Each WAN link carries two FCIP tunnels Load balancing on SRCID/DESTID or SRCID/DESTID/OXID basis (unidirectionally per VSAN) Certain replication protocols require SRCID/DESTID load balancing
FC

FC

Diverse Network Paths

Port Channel 2–16 FCIP Interfaces Over Diverse Paths

FICON, IBM PPRC, HP CA-EVA
Cisco Public

BRKSAN-2704 14571_04_2008_c1

© 2008 Cisco Systems, Inc. All rights reserved.

21

FCIP Frame Detail
Ethernet IP Header Header 14 20 TCP TCP FCIP Header Opts Header 20 94 FCIP Overhead for Ethernet Frames: 94 Byte Header + 4 Byte CRC = 98 Bytes 12 28 EISL opt Hdr Hdr 4 8 0-16 FC Frame Ethernet CRC32 4 SOF

Max 2148 (E_Port) + EISL and Opt Headers EISL and Optional Headers If TE_Port, then 8 Bytes Added to FC Frame (After SOF) for VSAN Routing

Max Fiber Channel frame is 2148 bytes plus optional extras FCIP will segment and reassemble FC frames if MTU too small (TCP payload on second or subsequent packets) Jumbo frames may increase performance
IP MTU of 2300 avoids splitting of TCP frames

BRKSAN-2704 14571_04_2008_c1

© 2008 Cisco Systems, Inc. All rights reserved.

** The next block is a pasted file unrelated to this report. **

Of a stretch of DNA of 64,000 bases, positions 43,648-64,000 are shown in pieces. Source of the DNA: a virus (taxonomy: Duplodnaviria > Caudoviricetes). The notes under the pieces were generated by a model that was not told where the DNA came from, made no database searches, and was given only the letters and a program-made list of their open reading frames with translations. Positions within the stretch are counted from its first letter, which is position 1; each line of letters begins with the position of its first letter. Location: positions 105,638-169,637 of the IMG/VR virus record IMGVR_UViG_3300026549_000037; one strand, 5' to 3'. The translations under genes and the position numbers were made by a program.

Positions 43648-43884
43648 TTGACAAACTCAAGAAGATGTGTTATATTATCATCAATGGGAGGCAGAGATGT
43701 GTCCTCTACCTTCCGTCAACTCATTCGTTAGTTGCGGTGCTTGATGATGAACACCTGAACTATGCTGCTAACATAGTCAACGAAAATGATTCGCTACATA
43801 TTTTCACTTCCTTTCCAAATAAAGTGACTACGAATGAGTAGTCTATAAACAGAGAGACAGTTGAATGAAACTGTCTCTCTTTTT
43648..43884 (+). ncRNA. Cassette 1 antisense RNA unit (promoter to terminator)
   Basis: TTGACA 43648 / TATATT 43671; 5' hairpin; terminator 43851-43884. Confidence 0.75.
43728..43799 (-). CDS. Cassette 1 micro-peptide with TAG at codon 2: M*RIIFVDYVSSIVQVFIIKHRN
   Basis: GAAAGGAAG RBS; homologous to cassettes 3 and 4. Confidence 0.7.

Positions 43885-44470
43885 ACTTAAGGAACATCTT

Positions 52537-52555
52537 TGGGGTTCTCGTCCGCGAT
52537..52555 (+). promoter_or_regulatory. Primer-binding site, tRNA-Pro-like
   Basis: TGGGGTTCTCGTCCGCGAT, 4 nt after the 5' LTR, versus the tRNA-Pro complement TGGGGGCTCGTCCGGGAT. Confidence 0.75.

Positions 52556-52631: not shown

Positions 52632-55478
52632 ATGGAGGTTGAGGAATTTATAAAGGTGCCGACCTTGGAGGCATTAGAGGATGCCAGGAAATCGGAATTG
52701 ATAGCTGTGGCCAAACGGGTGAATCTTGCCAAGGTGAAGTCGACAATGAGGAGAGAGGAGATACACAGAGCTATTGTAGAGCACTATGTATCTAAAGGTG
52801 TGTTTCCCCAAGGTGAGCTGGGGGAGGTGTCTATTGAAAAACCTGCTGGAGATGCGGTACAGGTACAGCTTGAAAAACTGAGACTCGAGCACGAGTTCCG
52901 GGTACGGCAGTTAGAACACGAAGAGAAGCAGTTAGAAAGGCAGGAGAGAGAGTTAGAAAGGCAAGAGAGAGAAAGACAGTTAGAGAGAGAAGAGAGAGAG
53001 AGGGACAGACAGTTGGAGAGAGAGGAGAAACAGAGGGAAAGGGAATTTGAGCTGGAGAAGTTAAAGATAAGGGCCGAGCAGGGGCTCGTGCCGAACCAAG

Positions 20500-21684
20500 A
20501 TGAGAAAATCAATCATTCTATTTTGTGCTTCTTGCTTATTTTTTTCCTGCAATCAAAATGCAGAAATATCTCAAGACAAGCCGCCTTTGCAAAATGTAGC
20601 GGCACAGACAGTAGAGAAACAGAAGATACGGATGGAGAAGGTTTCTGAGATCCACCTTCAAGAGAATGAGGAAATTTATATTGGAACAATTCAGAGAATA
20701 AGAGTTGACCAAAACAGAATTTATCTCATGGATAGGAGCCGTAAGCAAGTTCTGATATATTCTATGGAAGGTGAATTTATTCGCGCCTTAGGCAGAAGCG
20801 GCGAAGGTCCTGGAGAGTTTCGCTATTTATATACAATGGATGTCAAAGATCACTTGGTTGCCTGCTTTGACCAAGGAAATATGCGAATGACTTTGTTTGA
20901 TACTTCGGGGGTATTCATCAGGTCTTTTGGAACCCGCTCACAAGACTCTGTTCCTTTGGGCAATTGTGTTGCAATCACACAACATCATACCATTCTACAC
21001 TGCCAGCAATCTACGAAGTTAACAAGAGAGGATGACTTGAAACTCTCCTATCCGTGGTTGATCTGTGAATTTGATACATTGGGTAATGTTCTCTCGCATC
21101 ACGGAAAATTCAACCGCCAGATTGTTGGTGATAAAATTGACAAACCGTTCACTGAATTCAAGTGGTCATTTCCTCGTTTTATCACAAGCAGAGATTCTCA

Cisco Public

22

© 2006, Cisco Systems, Inc. All rights reserved. Presentation_ID.scr

11

Storage Traffic and TCP
Storage traffic:
Quite bursty Latency sensitive (sync apps) Requires high, instantaneous throughput

Traditional TCP:
Tries to be network sociable Tries to avoid congestion (overrunning downstream routers) Backs off when congestion detected Slow to ramp up over long links (slow start and congestion avoidance)

BRKSAN-2704 14571_04_2008_c1

© 2008 Cisco Systems, Inc. All rights reserved.

Cisco Public

23

MDS FCIP TCP Behavior
Reduce probability of drops
Bursts controlled through per flow shaping and congestion window control less likely to overrun routers

Increased resilience to drops
Uses SACK, fast retransmit and shaping

Aggressive slow start q
Initial rate controlled by “min-available-bandwidth” Max rate controlled by “max-bandwidth”
Differences with Normal TCP: When congestion occurs with other conventional TCP traffic, FCIP is more aggressive during recovery (“bullying” the other traffic)
Aggression is proportional to the min-available-bandwidth configuration
BRKSAN-2704 14571_04_2008_c1 © 2008 Cisco Systems, Inc. All rights reserved. Cisco Public

24

© 2006, Cisco Systems, Inc. All rights reserved. Presentation_ID.scr

12

Frame Buffering: FCIP and FC
Traffic Flow
FC

TCP Windowing Flow Control BB_Credit Flow Control GigE FC Receive Buffers Slower WAN Link GigE FCIP Receive Buffers BB_Credit Flow Control

FC

Backlog Here if Queue Can’t Drain Due To: Slow WAN link and long RTT Packet loss and retransmissions Many sources (only one shown) Buffer too big